NEW YORK, Dec. 15, 2010 /PRNewswire/ -- The Deloitte Consumer Spending Index (the Index) dipped in November, primarily due to sustained weakness in the housing market despite incremental gains in other areas. The Index attempts to track consumer cash flow as an indicator of future consumer spending.
"Real consumer spending has accelerated in recent months, and consumers presently retain their spending potential following a period of increased savings, debt reduction and a rise in personal income in the U.S.," said Carl Steidtmann, Deloitte's chief economist and author of the monthly Index. "While this momentum may continue, it could peak in the months ahead given the continued drag on the Index from the housing market that is offsetting an uptick in real wages."
The Index, comprising four components — tax burden, initial unemployment claims, real wages and real home prices — fell to 4.29 percent, from an upwardly revised gain of 4.71 percent a month ago.
"Consumers appear to be shaking off their recessionary ways and acting on some pent-up demand this holiday season," said Alison Paul, vice chairman and retail sector leader, Deloitte LLP. "Between retailers' cost and inventory focus over the last couple of years and traffic in the stores and online, many could see a healthy uptick in profitability this year. On the other hand, increased demand may put pressure on inventories and result in empty shelves at the tail end of the season. To avoid disappointed customers and capitalize on sustained demand, retailers should keep a close eye on store level inventories and customer buying patterns – enabling them to quickly adjust mark downs, promotions and assortments."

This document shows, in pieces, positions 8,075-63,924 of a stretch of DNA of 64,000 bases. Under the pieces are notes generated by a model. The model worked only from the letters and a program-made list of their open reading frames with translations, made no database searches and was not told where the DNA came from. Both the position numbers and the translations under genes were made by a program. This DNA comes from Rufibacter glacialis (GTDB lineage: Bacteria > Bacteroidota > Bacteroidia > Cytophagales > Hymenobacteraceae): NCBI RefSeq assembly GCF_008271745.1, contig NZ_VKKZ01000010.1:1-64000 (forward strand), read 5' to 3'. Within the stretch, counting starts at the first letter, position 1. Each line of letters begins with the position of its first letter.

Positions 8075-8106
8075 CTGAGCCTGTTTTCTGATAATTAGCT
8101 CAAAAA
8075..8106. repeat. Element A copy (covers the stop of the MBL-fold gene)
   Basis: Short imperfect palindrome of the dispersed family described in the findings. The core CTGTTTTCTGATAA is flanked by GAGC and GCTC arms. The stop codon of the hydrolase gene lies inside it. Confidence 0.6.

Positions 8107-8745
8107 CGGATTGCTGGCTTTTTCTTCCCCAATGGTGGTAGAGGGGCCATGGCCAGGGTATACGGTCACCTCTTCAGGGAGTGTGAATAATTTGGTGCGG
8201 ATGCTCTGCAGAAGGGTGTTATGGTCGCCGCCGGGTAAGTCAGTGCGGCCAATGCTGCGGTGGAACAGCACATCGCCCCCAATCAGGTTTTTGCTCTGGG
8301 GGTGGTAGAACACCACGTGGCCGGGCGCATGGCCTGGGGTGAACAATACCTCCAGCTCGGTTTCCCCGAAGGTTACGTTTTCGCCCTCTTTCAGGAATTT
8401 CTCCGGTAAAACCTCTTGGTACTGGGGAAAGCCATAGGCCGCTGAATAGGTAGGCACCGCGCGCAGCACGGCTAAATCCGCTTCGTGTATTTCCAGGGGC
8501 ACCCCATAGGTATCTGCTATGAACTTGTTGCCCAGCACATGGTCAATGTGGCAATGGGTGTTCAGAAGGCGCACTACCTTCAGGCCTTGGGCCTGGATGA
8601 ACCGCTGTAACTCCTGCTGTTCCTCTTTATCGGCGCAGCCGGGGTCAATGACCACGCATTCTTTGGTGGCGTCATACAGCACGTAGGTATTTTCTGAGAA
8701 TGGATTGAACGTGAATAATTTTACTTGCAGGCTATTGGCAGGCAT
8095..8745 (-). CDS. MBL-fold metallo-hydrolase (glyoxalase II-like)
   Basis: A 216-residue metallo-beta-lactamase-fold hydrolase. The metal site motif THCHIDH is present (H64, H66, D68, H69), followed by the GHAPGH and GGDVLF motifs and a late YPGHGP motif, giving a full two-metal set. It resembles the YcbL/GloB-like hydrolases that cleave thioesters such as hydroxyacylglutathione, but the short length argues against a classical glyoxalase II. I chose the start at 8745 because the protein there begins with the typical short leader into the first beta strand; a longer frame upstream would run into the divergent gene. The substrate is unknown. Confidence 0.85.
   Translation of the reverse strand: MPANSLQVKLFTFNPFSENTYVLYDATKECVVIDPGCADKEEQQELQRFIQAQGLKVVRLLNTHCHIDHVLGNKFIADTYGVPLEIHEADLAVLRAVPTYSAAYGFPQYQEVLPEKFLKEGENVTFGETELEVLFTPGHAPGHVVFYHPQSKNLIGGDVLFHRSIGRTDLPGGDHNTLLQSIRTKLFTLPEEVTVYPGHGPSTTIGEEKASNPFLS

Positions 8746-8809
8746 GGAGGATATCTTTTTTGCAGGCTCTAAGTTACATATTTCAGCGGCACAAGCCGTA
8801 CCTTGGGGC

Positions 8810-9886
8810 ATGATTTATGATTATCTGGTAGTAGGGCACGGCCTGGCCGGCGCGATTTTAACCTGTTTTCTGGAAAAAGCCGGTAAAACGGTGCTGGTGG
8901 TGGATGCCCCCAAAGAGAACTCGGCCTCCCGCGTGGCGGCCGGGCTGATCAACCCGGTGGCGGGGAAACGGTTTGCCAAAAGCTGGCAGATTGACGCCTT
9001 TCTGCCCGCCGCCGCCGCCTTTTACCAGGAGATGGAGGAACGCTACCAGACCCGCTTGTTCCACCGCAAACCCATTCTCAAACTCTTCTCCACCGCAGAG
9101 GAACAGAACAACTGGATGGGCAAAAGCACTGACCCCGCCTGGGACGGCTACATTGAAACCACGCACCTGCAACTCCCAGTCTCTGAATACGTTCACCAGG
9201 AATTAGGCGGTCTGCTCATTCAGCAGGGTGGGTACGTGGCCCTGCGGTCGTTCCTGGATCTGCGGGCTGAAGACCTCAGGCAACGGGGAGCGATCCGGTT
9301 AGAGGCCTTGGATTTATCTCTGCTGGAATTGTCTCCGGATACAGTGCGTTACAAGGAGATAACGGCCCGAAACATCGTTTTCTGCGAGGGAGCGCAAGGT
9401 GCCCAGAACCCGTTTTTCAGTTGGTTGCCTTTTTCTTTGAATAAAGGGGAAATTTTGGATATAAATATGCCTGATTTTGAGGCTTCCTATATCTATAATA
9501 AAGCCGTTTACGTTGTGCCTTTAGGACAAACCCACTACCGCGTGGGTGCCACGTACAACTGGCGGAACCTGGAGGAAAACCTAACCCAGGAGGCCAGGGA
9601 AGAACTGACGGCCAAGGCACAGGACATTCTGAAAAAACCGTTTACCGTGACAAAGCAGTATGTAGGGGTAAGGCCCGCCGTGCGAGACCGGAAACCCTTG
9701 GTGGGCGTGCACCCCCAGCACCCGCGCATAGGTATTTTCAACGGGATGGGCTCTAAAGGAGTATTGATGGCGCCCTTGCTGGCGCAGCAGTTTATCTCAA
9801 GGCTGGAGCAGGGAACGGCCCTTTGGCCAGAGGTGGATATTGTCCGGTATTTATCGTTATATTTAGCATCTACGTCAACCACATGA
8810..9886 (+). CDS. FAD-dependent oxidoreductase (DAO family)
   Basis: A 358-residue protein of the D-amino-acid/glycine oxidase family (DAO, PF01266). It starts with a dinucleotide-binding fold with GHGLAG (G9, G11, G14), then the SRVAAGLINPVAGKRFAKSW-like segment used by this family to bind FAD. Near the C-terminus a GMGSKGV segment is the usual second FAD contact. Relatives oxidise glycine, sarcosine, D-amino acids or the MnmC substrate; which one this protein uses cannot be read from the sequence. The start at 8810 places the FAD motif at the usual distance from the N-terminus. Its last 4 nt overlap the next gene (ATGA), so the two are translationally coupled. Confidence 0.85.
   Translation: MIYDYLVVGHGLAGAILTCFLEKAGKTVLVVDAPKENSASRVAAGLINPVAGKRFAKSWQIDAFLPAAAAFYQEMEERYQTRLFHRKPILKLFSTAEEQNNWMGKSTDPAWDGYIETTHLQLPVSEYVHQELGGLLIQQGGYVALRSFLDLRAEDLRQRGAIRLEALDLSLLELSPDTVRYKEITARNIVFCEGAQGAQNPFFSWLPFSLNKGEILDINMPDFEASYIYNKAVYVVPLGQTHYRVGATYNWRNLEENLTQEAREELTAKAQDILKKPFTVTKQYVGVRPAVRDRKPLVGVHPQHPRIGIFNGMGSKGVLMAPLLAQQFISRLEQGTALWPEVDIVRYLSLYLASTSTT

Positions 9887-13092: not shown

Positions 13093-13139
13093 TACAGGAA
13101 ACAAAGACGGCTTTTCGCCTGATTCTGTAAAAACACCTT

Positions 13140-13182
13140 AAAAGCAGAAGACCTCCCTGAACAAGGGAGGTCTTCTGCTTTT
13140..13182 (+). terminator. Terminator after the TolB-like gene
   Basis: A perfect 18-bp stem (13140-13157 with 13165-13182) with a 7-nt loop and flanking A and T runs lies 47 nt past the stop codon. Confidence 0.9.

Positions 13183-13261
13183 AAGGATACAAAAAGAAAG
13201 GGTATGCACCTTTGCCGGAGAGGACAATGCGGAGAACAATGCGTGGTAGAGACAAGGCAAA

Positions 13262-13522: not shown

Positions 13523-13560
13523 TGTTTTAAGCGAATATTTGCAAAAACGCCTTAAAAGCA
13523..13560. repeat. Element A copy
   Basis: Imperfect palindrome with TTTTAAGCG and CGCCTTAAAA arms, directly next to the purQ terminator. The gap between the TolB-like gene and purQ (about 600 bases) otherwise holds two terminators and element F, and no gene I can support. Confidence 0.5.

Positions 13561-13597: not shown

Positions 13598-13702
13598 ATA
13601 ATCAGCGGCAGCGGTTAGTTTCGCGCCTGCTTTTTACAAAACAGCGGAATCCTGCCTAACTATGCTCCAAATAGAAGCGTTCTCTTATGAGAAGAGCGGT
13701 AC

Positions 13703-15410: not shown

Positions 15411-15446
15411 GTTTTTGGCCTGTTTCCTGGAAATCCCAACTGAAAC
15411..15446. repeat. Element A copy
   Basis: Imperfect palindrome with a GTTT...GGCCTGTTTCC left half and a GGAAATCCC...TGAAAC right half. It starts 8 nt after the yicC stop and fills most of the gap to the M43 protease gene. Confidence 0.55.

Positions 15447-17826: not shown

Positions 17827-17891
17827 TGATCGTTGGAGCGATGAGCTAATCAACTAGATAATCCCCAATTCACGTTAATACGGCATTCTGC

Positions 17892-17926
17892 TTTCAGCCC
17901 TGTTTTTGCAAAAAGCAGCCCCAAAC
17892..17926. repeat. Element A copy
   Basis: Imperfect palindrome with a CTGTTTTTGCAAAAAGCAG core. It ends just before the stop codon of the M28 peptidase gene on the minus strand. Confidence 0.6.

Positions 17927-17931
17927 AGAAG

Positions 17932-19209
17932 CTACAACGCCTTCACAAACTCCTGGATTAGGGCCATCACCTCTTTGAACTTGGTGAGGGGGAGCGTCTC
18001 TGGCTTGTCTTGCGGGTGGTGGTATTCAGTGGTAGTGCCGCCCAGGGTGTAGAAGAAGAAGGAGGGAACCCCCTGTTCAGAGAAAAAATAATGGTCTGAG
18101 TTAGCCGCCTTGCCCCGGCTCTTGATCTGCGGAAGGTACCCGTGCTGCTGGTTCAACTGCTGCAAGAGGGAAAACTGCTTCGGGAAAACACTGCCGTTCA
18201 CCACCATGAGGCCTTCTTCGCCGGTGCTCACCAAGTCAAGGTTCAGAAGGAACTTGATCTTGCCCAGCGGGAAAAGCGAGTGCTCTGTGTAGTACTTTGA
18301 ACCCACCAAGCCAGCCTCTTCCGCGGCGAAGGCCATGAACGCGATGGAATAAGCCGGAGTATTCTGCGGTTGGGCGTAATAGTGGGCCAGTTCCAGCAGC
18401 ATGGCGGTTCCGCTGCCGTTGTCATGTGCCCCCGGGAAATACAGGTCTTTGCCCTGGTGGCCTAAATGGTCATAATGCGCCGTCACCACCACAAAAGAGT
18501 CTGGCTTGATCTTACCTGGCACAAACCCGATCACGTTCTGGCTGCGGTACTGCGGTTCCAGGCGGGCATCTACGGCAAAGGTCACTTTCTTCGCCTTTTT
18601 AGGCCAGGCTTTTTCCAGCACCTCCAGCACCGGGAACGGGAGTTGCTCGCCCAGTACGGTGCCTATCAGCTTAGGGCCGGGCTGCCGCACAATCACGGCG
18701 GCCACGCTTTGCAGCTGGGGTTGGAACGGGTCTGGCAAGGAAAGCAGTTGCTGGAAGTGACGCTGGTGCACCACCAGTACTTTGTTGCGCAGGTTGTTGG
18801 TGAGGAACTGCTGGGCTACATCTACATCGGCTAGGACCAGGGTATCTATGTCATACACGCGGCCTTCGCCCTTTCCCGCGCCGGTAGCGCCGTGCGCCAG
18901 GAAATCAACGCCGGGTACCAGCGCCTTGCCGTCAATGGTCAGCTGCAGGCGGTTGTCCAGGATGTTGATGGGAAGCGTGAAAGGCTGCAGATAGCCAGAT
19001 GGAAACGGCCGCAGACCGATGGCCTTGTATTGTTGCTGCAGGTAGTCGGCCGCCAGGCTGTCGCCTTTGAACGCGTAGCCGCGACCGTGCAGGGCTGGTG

Highlights of the Index include:
Tax Burden: With the tax benefits of the 2009 stimulus ebbing, the tax burden is pushing slowly higher and is now above levels seen a year ago. If former President George W. Bush's 2001 cuts expire, the tax burden could possibly push higher.
Initial Unemployment Claims: Claims improved slightly in the most recent month and are poised to fall below the narrow range of around 450,000 where they have held for the past year.
Real Wages: Real wage growth continues to make a small contribution to household cash flow due in large part to very weak inflation. For workers who are employed, earnings go a lot farther than they once did.
Real Home Prices: The housing market continues to weigh on the Index and the consumer. Real housing prices are declining once again. With more supply expected to come on the market due to foreclosures, prices will likely remain weak for a while longer.
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